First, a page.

More than ever, amid the current economic turmoil, the reality is even the best or most creative campaign will fail to deliver if it doesn’t demonstrate measurable financial return. 

One of the things that makes digital data-driven, evidence based marketing so powerful to any firm is that it is incredibly easy to measure the commercial impact of any every pound of marketing spend – whether its lead generation or measured business growth.

Better still, it’s easy to analyse and adjust as part of the process to maximise commercial impact. If, for example, a certain ad isn’t delivering results, you can simply pause it or try a new creative. Equally, if certain key words aren’t pulling through, further research and analysis can inform better substitutes aligned to changing customer behaviour and trends.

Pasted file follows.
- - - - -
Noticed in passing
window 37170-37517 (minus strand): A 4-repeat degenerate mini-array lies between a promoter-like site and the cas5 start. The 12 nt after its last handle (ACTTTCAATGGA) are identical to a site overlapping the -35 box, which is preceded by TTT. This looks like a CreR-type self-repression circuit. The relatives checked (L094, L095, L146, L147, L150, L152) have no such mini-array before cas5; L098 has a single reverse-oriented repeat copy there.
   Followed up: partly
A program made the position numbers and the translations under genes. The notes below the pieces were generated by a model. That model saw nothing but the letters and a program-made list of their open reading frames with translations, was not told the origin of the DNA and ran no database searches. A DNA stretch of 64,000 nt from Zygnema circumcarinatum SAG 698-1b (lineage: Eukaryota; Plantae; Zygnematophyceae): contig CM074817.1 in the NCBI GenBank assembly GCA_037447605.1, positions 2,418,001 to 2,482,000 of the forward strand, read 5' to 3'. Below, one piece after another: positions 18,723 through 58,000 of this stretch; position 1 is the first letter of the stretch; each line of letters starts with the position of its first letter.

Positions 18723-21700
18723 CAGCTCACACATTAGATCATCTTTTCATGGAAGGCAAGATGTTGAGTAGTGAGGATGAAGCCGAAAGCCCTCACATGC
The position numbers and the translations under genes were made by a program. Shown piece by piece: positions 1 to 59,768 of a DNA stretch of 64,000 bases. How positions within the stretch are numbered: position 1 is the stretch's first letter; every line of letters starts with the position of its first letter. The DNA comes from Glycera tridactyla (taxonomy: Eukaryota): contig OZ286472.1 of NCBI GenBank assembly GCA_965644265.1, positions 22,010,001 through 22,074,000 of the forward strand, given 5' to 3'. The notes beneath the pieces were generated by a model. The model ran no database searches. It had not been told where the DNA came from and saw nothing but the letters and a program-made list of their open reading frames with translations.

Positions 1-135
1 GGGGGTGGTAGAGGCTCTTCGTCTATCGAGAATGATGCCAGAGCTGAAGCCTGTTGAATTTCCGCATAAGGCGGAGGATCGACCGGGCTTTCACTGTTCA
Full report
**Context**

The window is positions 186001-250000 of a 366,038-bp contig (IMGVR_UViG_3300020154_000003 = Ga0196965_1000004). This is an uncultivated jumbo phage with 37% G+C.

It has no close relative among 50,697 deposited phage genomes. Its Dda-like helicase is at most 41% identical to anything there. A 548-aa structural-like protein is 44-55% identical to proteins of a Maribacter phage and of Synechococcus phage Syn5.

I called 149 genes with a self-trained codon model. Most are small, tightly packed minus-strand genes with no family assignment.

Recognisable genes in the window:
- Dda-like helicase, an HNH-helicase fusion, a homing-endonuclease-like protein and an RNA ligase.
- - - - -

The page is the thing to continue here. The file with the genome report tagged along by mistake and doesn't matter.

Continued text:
New innovations on the horizon

Digitalisation is always evolving and there are developments on the horizon which will further open new digital marketing possibilities for insurance firms. 

New breakthroughs in generative AI such as ChatGPT will make content writing quicker and more efficient, enabling marketers to use robotics to form basic first drafts of blogs, emails and other articles – freeing up time for more creative and strategic focuses.

Big data will, undoubtedly, continue to get bigger too, providing firms access to even more refined profiles of customers, new and existing, for an even deeper level of hyper-personalisation. Alongside this, continued developments in machine learning and analytics will make it easier and faster to sieve through that data too.

A new financial frontier

The reality is that what worked yesterday may no longer cut it. As today’s digital-first customer demands much more from their financial provider than ever before and a gloomy economy renders the competition even more fierce, a robust data-driven digital marketing strategy offers a cost-effective, meaningful and measurable way to create standout, cut through and, ultimately, convert amid what an evolving new financial frontier.